A cast of a Neolithic Danish flint axe found in Jutland, dating to around 5,500 years ago. It measures 8 and 7/8ths inches long, and was broken in ancient times. The original was loaned to Occpaleo from the amazing Peek Collection for molding and casting so that others could share in this treasure from the past. It is an excellent example of a Type 3 Thin Butted Danish Square Axe from the area of central Jutland. It is dated to a time period of the Early Funnel Beaker Culture, in the late Dolmen/Early Passage Grave Phase around 5,300 to 5,500 years ago.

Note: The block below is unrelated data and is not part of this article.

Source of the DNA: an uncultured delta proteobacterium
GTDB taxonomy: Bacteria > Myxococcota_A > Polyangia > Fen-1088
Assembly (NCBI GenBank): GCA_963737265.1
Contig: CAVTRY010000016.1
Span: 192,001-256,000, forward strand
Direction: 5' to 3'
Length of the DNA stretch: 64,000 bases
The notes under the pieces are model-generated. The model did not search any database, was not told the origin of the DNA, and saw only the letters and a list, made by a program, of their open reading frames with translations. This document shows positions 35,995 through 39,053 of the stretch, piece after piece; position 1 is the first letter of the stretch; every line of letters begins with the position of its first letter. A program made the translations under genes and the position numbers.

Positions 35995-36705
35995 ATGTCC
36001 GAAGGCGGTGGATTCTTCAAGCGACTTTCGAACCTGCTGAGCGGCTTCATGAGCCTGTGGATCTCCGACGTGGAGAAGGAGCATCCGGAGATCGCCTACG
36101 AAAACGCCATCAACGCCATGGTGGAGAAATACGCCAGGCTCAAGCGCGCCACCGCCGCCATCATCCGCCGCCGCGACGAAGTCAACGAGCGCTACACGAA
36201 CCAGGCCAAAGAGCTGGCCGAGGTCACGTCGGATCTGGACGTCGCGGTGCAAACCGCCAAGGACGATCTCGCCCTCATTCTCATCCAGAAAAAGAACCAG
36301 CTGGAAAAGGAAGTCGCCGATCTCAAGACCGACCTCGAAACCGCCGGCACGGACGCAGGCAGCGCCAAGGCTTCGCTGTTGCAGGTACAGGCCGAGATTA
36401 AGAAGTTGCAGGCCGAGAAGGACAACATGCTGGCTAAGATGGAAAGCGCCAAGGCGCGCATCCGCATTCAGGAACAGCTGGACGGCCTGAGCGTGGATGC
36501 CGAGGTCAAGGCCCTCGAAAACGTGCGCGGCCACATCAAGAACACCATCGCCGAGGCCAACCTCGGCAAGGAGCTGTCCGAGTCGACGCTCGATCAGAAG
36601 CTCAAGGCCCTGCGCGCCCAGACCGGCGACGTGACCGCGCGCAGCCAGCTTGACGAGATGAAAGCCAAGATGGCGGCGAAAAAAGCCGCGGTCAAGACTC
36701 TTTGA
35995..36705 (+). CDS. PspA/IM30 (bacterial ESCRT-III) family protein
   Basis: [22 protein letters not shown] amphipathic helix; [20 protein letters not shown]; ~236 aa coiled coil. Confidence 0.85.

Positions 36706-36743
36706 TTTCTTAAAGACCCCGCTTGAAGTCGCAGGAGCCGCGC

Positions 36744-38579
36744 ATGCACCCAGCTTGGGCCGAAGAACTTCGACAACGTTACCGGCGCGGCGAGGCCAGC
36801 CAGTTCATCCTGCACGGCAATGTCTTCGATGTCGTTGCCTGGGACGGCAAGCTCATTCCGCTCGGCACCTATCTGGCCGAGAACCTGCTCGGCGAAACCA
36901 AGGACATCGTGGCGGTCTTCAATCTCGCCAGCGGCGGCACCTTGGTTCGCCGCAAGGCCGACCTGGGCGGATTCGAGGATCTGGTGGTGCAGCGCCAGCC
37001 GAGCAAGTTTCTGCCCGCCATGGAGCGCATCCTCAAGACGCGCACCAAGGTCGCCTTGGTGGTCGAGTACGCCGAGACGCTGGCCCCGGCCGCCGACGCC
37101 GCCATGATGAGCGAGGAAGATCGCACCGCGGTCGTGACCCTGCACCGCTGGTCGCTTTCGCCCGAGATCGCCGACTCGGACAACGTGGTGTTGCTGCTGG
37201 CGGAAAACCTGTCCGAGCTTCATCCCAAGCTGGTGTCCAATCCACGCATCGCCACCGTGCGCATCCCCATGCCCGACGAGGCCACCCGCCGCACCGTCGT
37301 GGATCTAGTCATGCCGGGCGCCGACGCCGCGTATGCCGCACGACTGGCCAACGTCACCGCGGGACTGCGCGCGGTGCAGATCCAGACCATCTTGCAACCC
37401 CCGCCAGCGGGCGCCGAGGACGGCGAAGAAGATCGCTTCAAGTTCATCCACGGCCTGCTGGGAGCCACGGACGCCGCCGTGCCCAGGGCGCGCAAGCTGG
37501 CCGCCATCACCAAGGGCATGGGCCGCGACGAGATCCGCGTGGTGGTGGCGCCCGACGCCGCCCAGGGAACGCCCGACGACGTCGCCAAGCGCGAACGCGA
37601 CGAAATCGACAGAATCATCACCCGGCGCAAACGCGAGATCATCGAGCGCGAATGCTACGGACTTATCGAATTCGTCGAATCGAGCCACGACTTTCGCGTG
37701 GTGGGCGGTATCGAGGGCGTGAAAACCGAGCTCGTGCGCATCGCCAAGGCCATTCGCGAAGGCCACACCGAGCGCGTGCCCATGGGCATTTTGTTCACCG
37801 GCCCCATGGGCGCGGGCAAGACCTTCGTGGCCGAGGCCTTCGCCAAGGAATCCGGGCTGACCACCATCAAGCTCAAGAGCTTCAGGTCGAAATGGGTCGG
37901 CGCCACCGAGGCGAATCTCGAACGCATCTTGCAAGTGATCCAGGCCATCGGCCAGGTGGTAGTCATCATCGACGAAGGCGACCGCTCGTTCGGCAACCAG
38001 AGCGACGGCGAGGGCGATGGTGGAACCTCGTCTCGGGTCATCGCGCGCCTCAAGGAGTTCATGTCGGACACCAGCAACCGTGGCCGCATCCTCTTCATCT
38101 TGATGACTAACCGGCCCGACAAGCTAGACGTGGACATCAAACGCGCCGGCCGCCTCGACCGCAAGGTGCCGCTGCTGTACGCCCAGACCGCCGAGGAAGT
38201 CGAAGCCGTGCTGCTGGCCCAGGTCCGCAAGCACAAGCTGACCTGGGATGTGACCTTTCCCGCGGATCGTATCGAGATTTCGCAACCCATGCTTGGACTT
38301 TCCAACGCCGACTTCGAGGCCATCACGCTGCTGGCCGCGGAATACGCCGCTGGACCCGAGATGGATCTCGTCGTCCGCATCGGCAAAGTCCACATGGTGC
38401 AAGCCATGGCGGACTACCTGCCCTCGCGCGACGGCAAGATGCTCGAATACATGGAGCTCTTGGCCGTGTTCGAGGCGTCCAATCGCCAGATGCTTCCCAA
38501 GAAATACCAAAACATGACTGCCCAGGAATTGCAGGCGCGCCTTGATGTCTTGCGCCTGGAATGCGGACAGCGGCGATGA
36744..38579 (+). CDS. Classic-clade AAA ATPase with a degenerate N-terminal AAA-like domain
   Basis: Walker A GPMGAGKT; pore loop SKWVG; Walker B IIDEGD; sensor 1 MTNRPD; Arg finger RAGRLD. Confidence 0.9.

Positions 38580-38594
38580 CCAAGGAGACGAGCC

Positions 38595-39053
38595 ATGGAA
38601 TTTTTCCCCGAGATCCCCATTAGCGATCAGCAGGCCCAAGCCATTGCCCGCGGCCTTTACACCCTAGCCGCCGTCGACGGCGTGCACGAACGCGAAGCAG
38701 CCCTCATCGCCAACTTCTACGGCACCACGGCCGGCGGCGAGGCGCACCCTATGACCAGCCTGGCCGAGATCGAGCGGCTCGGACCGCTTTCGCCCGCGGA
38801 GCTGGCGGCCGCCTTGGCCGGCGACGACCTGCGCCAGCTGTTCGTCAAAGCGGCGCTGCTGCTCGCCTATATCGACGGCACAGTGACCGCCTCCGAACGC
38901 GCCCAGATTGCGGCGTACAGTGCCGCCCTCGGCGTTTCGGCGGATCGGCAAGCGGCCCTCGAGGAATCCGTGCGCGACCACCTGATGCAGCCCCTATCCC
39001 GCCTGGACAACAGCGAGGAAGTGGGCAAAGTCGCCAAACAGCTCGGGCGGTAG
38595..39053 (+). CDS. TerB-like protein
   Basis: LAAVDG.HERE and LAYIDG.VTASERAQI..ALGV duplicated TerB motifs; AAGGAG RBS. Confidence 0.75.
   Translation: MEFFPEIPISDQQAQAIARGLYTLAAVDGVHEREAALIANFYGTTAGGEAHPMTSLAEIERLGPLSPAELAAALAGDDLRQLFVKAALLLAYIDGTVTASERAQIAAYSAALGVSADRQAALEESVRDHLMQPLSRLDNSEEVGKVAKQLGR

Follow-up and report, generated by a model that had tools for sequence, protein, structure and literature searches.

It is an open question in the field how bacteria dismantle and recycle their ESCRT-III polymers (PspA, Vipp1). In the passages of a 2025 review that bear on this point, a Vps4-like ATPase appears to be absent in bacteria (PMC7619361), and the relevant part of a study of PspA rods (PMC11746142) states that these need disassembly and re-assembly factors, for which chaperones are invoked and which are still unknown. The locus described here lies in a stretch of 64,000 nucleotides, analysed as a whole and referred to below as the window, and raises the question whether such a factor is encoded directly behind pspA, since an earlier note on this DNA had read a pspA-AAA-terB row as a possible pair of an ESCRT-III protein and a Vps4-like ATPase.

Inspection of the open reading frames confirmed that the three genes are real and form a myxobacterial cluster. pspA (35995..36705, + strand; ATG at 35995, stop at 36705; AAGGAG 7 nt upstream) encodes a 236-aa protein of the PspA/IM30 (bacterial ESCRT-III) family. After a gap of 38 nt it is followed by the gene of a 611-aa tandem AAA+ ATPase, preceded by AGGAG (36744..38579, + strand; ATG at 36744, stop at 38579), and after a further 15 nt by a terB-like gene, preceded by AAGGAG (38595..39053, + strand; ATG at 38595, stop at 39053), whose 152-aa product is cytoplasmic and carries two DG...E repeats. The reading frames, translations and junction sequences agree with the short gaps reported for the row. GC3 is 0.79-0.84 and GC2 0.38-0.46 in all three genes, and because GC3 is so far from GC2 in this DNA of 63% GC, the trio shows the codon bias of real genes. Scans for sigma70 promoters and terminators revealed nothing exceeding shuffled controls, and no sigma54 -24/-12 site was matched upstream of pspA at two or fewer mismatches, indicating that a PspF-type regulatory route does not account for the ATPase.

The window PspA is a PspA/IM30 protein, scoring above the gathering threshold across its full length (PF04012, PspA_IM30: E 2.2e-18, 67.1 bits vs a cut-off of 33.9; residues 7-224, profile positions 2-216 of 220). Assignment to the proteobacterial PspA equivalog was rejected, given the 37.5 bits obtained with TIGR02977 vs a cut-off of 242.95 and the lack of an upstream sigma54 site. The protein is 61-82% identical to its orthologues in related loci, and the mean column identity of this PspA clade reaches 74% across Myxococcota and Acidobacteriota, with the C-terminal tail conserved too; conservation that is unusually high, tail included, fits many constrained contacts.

This fine piece was highlighted in the journal Chips VOL 19#2, 2007 by flintknapping author DC. Waldorf. The axe had been previously examined by several experts, and after adding his own examination, Waldorf concluded that this axe had been broken during use in Neolithic times, and was disgarded at that time. The report also stated that this axe seemed to be the type that was actually used to fell trees, and not as a ceremonial axe or burial good. Modern experiments show these axes have an ideal length for tree work at around 8 inches, and this example is around 9 inches long. That might have contributed to the bending/compression break it suffered. The bit looks to have been repaired after some dings in the leading edge, and well taken care of after future uses, until the catostrophic break. It is a wonderful example that shows the result of many hours of skilled work.